Deverell-Smith also cautions against being too rigid about a set period of experience. “One thing that frustrates me a little bit is that clients every single day say candidates must have two years’ experience.”

Tossell, a former estate agent, agrees, “I think they focus too much on how many years letting experience they have or how many years sales experience and not enough on life experience.

“If I have a candidate with three years sales experience in an estate agency environment but they were a bit mediocre and didn’t have anything about them versus somebody who has come from car sales and is earning a similar amount of money but has got something about them – some energy and some get up and go – I know which way I would go because you can get somebody in who you are able to train and you are more likely to hold onto that person because it is the first job they’ve had in the industry. I think agents need to be a little more open to different skills.”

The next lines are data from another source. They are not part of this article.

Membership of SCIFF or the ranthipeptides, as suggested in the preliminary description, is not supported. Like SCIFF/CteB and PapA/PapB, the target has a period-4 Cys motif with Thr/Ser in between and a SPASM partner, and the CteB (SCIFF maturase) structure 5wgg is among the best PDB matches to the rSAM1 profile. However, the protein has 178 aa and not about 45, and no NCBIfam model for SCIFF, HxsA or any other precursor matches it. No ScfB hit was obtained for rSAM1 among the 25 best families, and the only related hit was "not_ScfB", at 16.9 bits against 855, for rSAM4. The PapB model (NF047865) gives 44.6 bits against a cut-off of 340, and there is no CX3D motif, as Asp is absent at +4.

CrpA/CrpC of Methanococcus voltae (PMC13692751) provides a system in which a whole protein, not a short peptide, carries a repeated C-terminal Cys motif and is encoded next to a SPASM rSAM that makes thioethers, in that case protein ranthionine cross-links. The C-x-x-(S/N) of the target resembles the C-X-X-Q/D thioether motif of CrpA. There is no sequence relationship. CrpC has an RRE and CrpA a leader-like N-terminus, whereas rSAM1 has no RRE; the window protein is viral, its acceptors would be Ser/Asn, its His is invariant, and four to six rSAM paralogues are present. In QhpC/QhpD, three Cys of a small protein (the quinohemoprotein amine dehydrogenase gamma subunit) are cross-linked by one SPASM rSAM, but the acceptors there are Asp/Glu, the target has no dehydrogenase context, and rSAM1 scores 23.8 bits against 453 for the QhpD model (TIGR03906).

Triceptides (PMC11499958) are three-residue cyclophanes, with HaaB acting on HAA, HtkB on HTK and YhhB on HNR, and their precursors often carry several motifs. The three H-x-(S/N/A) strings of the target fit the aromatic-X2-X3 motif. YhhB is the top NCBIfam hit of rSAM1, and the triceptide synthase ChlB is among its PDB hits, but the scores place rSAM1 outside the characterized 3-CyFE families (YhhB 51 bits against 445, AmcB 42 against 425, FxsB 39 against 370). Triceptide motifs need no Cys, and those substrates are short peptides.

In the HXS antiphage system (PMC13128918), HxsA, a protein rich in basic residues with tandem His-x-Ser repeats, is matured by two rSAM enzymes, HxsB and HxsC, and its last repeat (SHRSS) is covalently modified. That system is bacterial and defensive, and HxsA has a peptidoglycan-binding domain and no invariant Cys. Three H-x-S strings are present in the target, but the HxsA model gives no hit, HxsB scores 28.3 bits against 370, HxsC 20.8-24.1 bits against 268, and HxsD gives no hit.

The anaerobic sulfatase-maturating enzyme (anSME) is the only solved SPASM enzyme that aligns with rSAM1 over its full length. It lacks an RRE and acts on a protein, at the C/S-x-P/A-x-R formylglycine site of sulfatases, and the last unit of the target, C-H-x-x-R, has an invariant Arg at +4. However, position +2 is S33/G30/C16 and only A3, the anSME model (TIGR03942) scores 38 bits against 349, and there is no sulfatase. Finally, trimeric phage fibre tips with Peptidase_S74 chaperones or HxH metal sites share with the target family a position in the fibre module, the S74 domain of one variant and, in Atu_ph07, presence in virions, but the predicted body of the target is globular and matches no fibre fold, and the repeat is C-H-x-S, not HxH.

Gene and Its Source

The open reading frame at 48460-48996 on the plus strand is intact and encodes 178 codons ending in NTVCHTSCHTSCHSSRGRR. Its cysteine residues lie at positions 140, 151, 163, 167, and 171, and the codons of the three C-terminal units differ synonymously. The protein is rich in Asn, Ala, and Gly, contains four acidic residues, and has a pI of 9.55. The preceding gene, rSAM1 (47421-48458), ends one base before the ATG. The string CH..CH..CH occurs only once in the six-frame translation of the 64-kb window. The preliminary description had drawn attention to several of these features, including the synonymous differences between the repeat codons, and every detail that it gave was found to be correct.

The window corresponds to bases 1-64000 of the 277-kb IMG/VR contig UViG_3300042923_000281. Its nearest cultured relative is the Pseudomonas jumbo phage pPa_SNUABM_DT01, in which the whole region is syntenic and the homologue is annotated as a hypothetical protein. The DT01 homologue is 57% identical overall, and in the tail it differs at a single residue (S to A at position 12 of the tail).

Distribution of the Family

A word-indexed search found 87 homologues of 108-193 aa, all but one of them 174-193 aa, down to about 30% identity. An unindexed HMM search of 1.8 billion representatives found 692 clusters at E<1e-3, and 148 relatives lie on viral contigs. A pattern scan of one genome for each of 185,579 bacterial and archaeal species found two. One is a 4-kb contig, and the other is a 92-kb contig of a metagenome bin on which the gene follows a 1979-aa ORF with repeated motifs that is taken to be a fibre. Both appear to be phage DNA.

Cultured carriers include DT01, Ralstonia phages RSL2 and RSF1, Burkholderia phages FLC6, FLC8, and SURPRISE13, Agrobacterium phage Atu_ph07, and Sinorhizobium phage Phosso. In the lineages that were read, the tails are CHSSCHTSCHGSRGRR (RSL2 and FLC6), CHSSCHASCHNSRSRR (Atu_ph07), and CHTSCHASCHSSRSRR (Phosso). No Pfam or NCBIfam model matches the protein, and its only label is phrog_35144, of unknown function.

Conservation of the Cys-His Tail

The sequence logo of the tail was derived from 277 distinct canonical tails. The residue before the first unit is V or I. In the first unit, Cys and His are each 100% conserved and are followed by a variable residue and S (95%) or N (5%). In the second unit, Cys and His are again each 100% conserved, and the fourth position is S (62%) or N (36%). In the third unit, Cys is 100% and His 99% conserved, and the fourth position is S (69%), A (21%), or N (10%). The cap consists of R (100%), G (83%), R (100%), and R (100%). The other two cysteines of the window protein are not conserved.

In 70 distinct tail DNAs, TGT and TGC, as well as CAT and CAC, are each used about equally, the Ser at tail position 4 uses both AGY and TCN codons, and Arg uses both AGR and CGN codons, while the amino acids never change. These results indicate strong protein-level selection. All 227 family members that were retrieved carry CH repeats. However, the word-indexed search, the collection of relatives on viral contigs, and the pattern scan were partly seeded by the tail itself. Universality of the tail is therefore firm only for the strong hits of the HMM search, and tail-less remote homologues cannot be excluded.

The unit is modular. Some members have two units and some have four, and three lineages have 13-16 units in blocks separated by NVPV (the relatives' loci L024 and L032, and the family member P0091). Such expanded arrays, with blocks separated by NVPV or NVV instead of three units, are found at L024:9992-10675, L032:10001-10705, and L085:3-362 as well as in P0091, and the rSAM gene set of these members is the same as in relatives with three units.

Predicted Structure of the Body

In today’s market, agents need to be open to more than just experience in other industries – it seems they also need to be open to more creative ways of hiring candidates if they want to fill their vacancies.

Hiring horror stories
  • Anthony Hesse image

    Examples provided by Anthony Hesse at Property Personnel

    A candidate arrived at an estate agency office only to be told that their office is open plan and they have nowhere private for interviews. The client then took the candidate for a 40 minute drive around the local area, interviewing along the way.

  • A candidate turned up for an interview to be told that the client was on an important phone call. Not only was she kept waiting for 20 minutes, but they left the candidate waiting alone in the same room as the disgruntled employee who was leaving. She put her completely off the job!
  • A candidate was recently being interviewed by a client in an open office when suddenly the interviewer jumped up and ran out of the office onto the high street to berate a couple of young lads who were dropping litter. Commendable, but there is a time and a place.
  • One of our clients is a private landlord who rents out their own luxury portfolio. He wanted to interview our candidate at one of his properties, which in principle sounds great, but he proceeded to interview her sat on the edge of a large double bed in one of the bedrooms. Creepy!
May 3, 2018